Wine With Fish: Red Drops Can Taste Good Too

Fish is allowed to be on the table at least once a week. This is not only useful for health reasons, but also for the variety in the menu. Serving the fish with a suitable wine is not as difficult as some might think. And anyone who believes that only white wine is the ideal accompaniment will be taught a lesson. Some fish dishes harmonize perfectly with red drops.

The preparation plays an important role

If you want to combine wine and fish, you should definitely pay attention to the method of preparation. This is important because most types of fish have a fairly subtle taste that is enhanced and complemented above all by different spices and cooking methods.

However, the fact that white wine goes well with fish is not wrong and applies above all to blanched varieties: Freshwater fish such as zander, trout, carp or even pangasius like to be accompanied by a light wine that is not too acidic and pleasantly light. Saltwater fish such as cod, redfish or plaice also appreciate light wines. Here, however, the aromas can be a little stronger and come with more acidity.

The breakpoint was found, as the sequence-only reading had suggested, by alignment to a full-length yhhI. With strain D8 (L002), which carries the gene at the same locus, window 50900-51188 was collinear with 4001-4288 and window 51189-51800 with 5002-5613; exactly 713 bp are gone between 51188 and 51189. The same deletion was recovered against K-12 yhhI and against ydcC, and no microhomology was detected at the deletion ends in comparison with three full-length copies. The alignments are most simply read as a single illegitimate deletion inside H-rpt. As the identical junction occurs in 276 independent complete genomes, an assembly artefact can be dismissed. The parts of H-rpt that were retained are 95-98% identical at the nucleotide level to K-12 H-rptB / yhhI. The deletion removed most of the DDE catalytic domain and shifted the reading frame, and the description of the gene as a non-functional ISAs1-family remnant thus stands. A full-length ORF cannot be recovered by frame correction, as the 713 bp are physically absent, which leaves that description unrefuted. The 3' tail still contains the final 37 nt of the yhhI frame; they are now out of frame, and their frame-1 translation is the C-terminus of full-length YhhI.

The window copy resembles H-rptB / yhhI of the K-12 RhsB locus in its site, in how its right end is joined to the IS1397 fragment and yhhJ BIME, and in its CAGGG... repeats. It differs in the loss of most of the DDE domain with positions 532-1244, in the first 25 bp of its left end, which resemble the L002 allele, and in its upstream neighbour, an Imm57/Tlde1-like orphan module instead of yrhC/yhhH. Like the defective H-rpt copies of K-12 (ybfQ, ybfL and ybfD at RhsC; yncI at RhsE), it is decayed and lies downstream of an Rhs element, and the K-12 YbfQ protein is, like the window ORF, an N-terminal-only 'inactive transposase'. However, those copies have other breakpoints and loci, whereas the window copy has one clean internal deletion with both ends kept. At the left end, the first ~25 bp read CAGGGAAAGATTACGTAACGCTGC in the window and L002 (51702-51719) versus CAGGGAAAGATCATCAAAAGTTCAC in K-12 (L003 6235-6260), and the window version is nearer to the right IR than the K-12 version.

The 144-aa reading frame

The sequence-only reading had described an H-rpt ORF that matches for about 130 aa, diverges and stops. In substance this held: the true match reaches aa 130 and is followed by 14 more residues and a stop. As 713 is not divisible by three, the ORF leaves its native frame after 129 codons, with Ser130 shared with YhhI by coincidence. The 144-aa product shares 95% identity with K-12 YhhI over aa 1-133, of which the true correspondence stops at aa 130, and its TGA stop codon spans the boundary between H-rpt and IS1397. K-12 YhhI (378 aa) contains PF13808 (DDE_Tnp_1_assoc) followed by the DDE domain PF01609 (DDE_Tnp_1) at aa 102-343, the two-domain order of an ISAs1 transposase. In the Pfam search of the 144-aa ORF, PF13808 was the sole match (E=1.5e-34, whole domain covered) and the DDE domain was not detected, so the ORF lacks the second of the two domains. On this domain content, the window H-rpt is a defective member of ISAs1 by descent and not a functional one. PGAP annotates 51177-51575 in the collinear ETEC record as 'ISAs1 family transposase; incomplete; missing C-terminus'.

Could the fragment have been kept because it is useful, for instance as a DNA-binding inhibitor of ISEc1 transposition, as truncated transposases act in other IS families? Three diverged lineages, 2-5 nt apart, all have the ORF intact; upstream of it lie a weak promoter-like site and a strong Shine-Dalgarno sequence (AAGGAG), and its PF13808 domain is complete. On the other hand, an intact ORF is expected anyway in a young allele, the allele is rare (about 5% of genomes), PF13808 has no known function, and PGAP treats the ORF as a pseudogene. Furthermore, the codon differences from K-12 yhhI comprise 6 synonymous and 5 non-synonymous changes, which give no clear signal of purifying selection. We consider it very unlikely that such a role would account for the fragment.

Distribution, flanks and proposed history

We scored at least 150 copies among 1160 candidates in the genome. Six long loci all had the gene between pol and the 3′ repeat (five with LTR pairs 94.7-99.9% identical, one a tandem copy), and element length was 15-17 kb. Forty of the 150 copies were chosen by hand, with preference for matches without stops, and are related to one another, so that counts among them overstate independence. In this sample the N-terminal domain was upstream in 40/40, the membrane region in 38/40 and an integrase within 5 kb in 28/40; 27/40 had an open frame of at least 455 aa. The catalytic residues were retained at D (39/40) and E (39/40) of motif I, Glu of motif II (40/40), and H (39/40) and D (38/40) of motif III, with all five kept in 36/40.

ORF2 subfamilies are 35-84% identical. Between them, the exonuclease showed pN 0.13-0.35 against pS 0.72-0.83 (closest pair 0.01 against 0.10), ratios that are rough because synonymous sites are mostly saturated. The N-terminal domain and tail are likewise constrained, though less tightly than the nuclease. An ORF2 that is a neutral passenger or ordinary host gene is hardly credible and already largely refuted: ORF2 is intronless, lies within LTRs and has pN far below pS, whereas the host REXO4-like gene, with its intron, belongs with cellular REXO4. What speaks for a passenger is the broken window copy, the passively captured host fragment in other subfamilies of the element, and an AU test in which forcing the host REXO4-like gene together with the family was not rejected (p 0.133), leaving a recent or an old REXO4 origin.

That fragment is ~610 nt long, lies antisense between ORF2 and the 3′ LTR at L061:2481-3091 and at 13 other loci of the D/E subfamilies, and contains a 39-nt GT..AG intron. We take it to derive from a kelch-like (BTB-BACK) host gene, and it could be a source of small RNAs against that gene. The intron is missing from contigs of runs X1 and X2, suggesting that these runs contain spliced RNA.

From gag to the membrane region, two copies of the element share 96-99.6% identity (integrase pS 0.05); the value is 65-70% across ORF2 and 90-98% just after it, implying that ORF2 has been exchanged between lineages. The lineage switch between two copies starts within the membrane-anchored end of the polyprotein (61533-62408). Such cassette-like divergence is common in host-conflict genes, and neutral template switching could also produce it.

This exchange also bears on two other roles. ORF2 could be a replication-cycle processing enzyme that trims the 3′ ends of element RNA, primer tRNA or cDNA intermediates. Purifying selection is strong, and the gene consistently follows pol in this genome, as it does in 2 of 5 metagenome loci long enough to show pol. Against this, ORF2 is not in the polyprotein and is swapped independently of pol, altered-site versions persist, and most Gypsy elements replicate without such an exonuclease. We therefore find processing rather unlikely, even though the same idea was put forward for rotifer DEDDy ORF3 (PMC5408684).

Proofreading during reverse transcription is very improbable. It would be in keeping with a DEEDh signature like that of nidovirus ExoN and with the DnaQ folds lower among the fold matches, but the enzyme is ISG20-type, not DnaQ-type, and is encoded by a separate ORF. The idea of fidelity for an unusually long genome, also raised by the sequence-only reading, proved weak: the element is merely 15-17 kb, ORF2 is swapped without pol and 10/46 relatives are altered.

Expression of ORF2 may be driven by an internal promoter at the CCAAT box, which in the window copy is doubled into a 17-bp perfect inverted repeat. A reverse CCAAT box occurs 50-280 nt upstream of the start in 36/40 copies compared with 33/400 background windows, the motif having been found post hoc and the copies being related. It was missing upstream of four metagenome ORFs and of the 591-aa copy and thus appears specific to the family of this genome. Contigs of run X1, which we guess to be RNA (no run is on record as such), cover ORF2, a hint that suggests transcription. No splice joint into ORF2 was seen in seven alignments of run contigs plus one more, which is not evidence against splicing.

Another good choice is white wine with fish if the chef uses classic methods such as smoking or roasting. In this case, the dish acquires some toasty flavors that call for a stronger wine. Fish and white wines with earthy notes, tightly integrated acidity and a pleasant minerality go well together. If you like, you can serve drops that also have herbal aromas.

Fish does not like tannins

For many years, the pairing of fish and white wine was considered the real thing, so that even renowned chefs and restaurateurs did not allow themselves to break the rules. The reason is obvious: fish protein and tannins can’t stand each other.

The combination of tannin-rich wine with fish has certainly made many a connoisseur lose the desire to experiment. However, it is often forgotten that not every red wine has strong tannins.

When red wine and fish harmonize

wine with fish 2 | Silke's vine leaf

Therefore, red wine is an interesting companion for fish when its tannin content is at a low level. Therefore, a Pinot Noir is an excellent match for fish dishes that use grilling, roasting or smoking as a cooking method – and goes well with the smoky and roasted notes.

A nice red wine with fish is not too heavy and brings fruitiness into the glass. Nuances of berries or a nice cherry note go well with fish.

The type of fish on the plate is initially of little importance. But beginners can only recommend the combination of tuna and red wine.